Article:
On Indiana’s adoption of Common Core, Bennett explained his motives:

“When I was in Indiana, I pursued adoption of the Common Core in large part because I was very alarmed at the percentage and rate at which students had to be remediated leaving high school. So I thought that was a terrible drain on our system; I thought it was wrong. Gov. (Mitch) Daniels one time referred to it as a breach of warranty, that when we send kids out of the K-12 system and they need to be remediated. So I looked at Common Core as a potential solution to that. Higher standards, greater rigor, greater expectations, and an opportunity to elevate our children to be more competitive. The discussion has been lost in all of this, federal overreach, by inserting the word curriculum as opposed to standards.”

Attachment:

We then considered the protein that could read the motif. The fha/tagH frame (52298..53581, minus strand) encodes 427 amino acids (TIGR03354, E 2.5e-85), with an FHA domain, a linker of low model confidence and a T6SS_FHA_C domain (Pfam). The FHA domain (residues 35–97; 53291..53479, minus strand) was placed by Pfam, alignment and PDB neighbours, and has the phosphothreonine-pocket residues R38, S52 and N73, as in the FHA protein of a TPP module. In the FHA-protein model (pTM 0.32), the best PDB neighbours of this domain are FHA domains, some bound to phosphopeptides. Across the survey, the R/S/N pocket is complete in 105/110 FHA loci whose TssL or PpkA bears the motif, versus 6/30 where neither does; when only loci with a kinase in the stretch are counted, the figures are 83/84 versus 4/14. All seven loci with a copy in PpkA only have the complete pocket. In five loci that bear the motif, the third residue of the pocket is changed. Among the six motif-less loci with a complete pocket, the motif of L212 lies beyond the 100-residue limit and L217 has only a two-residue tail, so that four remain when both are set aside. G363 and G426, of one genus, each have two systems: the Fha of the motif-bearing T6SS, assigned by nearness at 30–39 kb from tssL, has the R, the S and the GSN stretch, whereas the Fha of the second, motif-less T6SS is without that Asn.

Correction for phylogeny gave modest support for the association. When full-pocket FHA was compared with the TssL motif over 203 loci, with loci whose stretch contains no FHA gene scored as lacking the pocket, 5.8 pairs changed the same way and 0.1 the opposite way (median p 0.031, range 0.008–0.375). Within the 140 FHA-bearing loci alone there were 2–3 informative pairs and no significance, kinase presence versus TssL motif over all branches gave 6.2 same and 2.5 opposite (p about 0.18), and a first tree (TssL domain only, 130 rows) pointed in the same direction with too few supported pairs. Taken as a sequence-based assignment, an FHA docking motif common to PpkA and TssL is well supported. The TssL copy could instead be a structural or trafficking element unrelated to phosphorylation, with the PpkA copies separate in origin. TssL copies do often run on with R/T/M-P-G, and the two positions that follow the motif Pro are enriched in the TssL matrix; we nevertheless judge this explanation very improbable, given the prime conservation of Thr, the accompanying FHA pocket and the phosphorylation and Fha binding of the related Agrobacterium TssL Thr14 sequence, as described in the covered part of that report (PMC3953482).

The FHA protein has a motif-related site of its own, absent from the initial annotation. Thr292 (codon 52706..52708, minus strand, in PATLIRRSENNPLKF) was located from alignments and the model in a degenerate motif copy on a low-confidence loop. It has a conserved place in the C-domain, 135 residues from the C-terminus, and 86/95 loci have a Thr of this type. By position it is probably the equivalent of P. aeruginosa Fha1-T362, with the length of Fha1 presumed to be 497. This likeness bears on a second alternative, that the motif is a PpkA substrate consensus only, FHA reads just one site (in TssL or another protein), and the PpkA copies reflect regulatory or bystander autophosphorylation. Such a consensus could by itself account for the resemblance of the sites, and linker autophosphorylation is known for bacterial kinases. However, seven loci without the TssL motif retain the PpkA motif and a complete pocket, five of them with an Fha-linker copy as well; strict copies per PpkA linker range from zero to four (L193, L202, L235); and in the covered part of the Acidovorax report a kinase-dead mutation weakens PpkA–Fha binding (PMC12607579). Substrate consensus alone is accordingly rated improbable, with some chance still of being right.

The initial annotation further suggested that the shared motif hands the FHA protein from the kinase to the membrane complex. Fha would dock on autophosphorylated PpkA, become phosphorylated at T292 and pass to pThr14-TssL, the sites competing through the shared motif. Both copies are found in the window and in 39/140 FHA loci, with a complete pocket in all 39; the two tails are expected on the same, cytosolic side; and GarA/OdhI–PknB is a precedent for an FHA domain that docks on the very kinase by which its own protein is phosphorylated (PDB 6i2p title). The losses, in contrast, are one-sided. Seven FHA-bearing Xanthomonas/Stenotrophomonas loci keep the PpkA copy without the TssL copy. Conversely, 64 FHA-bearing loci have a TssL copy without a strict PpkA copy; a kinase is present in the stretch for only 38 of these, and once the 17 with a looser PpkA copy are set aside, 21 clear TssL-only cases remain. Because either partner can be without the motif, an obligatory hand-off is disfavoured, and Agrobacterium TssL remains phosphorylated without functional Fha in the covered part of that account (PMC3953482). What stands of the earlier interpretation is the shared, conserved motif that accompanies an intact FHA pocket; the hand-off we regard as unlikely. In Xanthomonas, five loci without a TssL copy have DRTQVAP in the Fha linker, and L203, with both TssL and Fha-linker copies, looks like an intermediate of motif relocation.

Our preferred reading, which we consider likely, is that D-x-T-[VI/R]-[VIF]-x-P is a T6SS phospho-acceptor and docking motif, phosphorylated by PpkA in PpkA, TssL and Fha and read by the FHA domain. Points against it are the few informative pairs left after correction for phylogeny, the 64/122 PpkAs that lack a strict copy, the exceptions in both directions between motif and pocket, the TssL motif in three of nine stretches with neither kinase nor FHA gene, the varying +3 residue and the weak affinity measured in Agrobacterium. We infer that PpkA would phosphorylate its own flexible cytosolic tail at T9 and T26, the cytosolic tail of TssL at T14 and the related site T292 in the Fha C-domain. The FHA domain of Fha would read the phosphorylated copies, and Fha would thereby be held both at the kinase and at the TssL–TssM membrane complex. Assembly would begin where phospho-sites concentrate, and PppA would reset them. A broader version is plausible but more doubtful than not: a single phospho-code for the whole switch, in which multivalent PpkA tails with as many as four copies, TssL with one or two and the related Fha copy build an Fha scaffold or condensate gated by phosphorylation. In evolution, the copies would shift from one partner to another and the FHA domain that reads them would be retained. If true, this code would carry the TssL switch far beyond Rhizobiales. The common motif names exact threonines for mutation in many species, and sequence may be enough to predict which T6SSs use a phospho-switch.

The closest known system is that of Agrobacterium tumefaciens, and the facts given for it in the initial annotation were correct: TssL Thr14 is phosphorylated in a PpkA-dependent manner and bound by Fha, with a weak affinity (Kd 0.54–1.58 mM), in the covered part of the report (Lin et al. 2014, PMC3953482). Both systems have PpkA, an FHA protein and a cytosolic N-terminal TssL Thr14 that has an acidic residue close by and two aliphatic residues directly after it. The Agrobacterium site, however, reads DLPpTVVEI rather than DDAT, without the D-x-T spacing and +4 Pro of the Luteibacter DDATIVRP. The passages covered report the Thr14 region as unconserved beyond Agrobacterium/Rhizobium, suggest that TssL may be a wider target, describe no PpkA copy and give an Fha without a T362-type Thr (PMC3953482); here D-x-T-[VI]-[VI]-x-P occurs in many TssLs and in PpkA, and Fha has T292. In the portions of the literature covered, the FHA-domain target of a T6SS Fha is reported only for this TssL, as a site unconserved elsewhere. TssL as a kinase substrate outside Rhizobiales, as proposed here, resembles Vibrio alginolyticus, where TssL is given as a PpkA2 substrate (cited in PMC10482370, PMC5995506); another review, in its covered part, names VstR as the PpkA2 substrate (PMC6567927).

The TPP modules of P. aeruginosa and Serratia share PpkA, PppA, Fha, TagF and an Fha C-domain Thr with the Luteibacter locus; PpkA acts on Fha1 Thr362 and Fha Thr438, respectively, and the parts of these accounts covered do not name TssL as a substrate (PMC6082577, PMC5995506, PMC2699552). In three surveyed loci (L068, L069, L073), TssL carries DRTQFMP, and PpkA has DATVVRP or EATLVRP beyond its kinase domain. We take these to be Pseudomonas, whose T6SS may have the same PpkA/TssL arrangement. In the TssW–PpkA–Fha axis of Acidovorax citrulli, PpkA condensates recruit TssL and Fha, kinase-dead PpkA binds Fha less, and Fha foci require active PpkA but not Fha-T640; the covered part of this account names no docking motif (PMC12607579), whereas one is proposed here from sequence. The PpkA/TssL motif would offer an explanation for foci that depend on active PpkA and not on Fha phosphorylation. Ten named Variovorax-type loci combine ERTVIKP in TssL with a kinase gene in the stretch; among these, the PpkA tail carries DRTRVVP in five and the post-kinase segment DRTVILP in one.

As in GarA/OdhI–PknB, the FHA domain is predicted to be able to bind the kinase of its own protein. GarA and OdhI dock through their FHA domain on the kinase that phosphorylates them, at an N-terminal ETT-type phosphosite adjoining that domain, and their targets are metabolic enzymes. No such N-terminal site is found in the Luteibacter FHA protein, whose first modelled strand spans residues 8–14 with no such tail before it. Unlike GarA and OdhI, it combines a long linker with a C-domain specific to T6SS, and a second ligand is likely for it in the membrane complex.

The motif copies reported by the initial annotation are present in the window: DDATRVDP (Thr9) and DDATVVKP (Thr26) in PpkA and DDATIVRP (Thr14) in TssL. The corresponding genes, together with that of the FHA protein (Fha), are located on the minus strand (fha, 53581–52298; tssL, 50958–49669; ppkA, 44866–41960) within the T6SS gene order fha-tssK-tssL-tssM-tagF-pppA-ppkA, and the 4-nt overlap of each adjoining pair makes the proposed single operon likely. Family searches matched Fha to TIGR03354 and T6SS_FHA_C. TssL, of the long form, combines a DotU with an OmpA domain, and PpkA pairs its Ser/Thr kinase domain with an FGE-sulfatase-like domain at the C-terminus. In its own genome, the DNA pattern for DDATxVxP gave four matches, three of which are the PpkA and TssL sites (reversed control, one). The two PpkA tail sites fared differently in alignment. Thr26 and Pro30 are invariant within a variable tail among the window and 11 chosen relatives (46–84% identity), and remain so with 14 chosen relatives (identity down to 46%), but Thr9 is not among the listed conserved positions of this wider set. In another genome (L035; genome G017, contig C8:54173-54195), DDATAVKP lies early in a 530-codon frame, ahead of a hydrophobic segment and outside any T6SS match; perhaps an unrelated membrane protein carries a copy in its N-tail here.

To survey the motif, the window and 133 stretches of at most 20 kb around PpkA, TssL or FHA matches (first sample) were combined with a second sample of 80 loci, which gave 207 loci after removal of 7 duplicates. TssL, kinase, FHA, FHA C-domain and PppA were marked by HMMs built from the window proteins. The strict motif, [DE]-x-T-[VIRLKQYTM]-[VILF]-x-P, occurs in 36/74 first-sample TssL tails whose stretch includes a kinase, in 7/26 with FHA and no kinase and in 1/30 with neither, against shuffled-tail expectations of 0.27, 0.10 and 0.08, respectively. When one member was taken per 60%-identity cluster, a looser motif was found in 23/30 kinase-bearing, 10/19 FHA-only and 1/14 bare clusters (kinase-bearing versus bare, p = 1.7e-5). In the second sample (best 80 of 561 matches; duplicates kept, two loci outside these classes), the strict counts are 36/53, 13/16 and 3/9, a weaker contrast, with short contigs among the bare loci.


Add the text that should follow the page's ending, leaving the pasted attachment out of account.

Bennett blamed messaging for the Common Core backlash:

“It is unfortunate that the federal government felt the need to be so visibly in front of this issue. Because it wasn’t their issue. So that’s been a problem. In conservative states that are worried about federal overreach, that in and of itself created a problem.”

But Indiana’s Common Core adoption, he said, was not influenced by U.S. Secretary of Education Arne Duncan or the federal government:

“I never one day felt pressure from Secretary Duncan to adopt Common Core. Never once. And we were a state that dropped out of Race to the Top. So believe me, if a state could have walked in and said, hey, we’re not going to do this Common Core thing, it could have been us.”